It successfully provides a historic overview of poets in prison. “The earliest poem is from the 8th century, and there are contemporary poems by poets who are still in prison, or in hiding,” write the editors in their introduction. These include figures such as Giordano Bruno, a 16th century Italian philosopher, poet, and occultist, who was burned at the stake by the Catholic Inquisition.
Allen Ginsberg, who was charged with obscenity in the US in the 1950s for his poem ‘Howl’ that described sex between two men in graphic detail as well as Malay Roychoudhury, the Bengali poet and founder of the mercurial Hungry Generation, who was charged with obscenity in India in the mid-1960s for his poem ‘Stark Electric Jesus’ are included in this volume. Ginsberg had met Roychoudhury during his travels in India and came to his defence.
Other poets from South Asia include Habib Jalib (Pakistan) and Majrooh Sultanpuri (India), both imprisoned by the governments of their countries for leftist politics. Also included in this collection are Ram Prasad Bismil, who was hanged by the British for his revolutionary activities on December 19, 1927, and Kazi Nazrul Islam, the revolutionary poet of Bengal, who was imprisoned for several years for participating in the Indian freedom movement.
Faiz’s poem included in the book is ‘Speak’, an English translation by V. G. Kiernan of his Urdu poem ‘Bol’:
Speak, for your lips are free;
Speak, your tongue is still yours,
Your upright body is yours –
Speak, your life is still yours.
Besides the poets included in the original exhibition, the book also brings together others such as Varavara Rao, who was arrested in 2018 in the Bhima Koregaon case, and Karthika Naïr’s shape poem ‘Handbook for Aspiring Autocrats’.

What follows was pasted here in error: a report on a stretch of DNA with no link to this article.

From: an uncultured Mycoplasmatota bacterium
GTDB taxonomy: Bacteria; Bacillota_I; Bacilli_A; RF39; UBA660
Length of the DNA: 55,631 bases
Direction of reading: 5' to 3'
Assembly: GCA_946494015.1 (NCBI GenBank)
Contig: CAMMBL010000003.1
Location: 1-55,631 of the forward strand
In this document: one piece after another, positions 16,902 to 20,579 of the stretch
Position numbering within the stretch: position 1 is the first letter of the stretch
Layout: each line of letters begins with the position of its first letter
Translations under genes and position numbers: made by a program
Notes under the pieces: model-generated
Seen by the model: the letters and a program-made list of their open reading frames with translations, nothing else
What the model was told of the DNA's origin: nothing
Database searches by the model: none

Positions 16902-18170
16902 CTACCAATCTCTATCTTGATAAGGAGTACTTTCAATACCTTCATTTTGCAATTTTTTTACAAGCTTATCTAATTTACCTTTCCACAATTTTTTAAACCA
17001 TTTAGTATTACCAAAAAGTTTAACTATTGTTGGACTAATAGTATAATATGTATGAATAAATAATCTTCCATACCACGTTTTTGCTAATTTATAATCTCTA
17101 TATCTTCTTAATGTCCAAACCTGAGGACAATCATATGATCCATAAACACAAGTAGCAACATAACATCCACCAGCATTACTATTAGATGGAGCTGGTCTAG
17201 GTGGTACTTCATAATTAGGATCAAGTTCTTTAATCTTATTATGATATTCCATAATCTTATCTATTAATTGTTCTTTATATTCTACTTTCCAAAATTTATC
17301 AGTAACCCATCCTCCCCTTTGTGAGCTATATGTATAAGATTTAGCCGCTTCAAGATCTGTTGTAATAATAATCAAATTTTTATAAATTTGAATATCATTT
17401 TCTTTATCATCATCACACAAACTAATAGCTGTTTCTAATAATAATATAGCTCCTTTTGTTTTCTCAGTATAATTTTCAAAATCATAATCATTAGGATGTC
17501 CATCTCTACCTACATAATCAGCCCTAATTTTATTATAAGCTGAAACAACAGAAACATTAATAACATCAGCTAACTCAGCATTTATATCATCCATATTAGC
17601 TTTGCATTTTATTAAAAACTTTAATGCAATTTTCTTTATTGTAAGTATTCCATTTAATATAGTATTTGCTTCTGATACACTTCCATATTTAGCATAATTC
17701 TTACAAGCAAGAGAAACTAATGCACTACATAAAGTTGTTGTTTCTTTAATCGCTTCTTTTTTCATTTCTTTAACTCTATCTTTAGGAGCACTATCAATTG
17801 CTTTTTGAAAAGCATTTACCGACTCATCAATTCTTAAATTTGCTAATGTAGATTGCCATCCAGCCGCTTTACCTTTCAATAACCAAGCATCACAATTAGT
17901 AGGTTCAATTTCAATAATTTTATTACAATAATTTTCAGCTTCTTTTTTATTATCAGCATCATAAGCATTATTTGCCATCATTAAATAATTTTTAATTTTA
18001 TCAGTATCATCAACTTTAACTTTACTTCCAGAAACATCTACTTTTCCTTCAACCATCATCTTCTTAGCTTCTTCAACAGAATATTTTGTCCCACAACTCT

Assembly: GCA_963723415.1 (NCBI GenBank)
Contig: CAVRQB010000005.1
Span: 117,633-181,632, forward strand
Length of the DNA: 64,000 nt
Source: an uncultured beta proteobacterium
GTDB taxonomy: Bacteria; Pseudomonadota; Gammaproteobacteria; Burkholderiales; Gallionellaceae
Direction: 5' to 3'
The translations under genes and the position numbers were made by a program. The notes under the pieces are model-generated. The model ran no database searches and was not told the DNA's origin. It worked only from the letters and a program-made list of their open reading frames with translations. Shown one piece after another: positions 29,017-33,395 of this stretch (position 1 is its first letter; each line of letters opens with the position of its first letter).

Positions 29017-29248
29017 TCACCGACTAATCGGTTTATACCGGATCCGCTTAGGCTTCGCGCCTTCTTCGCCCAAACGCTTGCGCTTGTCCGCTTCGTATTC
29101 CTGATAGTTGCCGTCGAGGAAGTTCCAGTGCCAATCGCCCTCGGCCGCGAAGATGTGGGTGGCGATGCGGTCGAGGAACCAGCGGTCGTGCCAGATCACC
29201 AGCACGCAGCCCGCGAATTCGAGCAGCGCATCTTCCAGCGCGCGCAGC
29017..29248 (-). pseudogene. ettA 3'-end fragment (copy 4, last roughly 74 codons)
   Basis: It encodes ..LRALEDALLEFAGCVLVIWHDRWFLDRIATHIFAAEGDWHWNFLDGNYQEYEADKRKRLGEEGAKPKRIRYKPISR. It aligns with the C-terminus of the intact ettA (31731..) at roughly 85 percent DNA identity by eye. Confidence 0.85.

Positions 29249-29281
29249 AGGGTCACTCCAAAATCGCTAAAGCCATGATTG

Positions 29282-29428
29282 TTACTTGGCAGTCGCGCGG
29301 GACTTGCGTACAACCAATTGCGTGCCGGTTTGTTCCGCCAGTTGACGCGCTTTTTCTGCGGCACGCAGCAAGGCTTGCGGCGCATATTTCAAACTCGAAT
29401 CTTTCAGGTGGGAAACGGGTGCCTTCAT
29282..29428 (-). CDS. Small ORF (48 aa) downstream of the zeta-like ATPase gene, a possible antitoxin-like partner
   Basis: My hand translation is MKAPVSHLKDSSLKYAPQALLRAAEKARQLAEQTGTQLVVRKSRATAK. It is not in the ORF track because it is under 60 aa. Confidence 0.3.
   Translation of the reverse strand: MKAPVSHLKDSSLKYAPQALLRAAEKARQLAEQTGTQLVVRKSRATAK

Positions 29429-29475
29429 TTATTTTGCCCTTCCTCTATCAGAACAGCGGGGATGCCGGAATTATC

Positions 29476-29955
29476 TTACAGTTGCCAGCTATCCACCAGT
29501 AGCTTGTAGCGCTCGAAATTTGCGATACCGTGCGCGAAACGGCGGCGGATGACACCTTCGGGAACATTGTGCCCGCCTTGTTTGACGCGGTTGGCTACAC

Essays by novelist Nilanjana S. Roy, constitutional lawyer Gautam Bhatia, Devangana Kalita and Natasha Narwal, both of whom were imprisoned, and Umar Khalid, who continues to languish in prison on charges of abetting violence during the 2020 Delhi riots, map out the landscape of revolutionary desires, the limits of freedom, and the utility of poetry for those in prison.
Literature scholar Doran Larson, in her essay Toward a Prison Poetics (2010), argues that “prison writing bears not only a common subject but recurrent, internal, formal traits.” Prison writing, then, becomes a genre in itself, like travel writing or war writing, informed by the shared experience of incarceration but also the peculiarities of individual experiences. As poets and writers continue to be imprisoned by autocratic regimes for their words, this genre will grow.
Amy Washburn in her essay The Pen of the Panther writes that Black Panther poet Ericka Huggins’ work was often seized by prison authorities under the premise that she was writing “kites” — messages to other prisoners in prison slang. If one might extend this metaphor, it is possible to imagine that poems written by incarcerated poets are like “kites” to the world outside, soaring into the un-imprisonable skies beyond the prison walls. This gives us hope.
Uttaran Das Gupta is a New Delhi-based writer and journalist. He teaches at O.P. Jindal Global University, Sonipat, and writes a fortnightly column on poetry, Verse Affairs, for The Wire.
Note: An earlier version of this article stated that the exhibition mentioned was a collaboration between Shilpa Gupta and Salil Tripathi. It has been edited to reflect that the exhibition was only Gupta’s, though she was influenced by Tripathi’s work.